When Dr. David Gray became Dalhousie’s Dean of Agriculture in 2013, the Agricultural Campus was at a crossroads. Having merged with the university one year prior, there was some question as to how the ensuing relationship would work and how the campus would build on the rich legacy of education and research it created as the Nova Scotia Agricultural College.
Ten years on, the answer is clear. Through initiatives such as the Indigenous Student Access Pathway, the introduction of its PhD program in Agricultural Studies, and infrastructure investments—most notably the rebuilds following the fires that extensively damaged the Ruminant Animal Centre and Cox Institute—the campus is more diverse, innovative, and academically rigorous.
“Dalhousie really stepped up to the plate and then some to help us make all of that possible,” Dr. Gray says. “So much so that I believe we are in a very good place to take the next step as a faculty.”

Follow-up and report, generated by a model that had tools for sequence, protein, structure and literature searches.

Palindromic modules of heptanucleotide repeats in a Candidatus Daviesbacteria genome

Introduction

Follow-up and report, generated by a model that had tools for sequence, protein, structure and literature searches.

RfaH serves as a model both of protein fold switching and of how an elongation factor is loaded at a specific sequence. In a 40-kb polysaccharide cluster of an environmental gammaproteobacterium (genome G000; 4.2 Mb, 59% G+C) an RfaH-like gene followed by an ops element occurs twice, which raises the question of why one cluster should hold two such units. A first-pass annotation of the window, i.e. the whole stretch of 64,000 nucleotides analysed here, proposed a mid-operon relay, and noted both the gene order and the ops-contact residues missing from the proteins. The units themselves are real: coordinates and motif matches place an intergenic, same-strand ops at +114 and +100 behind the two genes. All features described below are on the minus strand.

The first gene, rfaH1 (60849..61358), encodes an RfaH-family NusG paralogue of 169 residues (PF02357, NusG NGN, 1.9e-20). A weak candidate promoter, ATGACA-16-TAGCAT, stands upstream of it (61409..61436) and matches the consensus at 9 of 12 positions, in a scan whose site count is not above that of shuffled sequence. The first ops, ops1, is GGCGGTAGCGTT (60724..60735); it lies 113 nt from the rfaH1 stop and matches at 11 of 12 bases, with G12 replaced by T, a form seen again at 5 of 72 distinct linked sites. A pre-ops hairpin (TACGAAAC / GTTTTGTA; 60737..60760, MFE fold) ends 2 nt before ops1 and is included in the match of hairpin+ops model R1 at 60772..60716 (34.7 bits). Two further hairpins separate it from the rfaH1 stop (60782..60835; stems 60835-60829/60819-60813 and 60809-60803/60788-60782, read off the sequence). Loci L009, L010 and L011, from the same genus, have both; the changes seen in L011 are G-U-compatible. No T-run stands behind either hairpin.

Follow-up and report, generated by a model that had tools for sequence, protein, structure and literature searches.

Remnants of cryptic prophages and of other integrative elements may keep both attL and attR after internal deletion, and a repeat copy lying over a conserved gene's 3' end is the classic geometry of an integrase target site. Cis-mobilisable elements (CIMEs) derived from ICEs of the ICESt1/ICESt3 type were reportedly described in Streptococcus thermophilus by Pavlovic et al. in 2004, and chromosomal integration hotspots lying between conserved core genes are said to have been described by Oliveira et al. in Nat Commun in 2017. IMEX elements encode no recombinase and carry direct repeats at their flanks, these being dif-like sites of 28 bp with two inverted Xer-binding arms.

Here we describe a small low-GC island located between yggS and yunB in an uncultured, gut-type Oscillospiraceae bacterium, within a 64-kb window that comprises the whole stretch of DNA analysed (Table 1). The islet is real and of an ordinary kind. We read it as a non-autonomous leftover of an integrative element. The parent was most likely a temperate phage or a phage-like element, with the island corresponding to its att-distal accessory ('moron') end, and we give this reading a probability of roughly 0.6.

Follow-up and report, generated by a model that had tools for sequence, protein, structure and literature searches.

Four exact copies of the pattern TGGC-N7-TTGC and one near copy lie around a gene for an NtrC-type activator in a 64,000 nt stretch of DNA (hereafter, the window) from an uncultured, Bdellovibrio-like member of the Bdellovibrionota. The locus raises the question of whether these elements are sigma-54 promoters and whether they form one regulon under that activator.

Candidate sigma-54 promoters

That next step will be a crucial one for the campus, the agricultural industry, and, to some extent, the world. Climate change is having a significant impact on crop availability, accessibility, and quality, resulting in increased food insecurity both here and globally. It is a challenge that is likely to be exacerbated by continued population growth. Estimates suggest that we will reach the 10 billion population threshold in the next 30 years. More production is required to keep pace with that growth, which raises concerns about the impacts increased activity will have on soil health and access to fresh water—both of which are essential for the agriculture industry, and much of life on the planet.
“The next decade is going to be crucial if we are to successfully address these issues,” Dr. Gray says. “Agriculture will play a key role in the solutions we find, and so will our faculty.”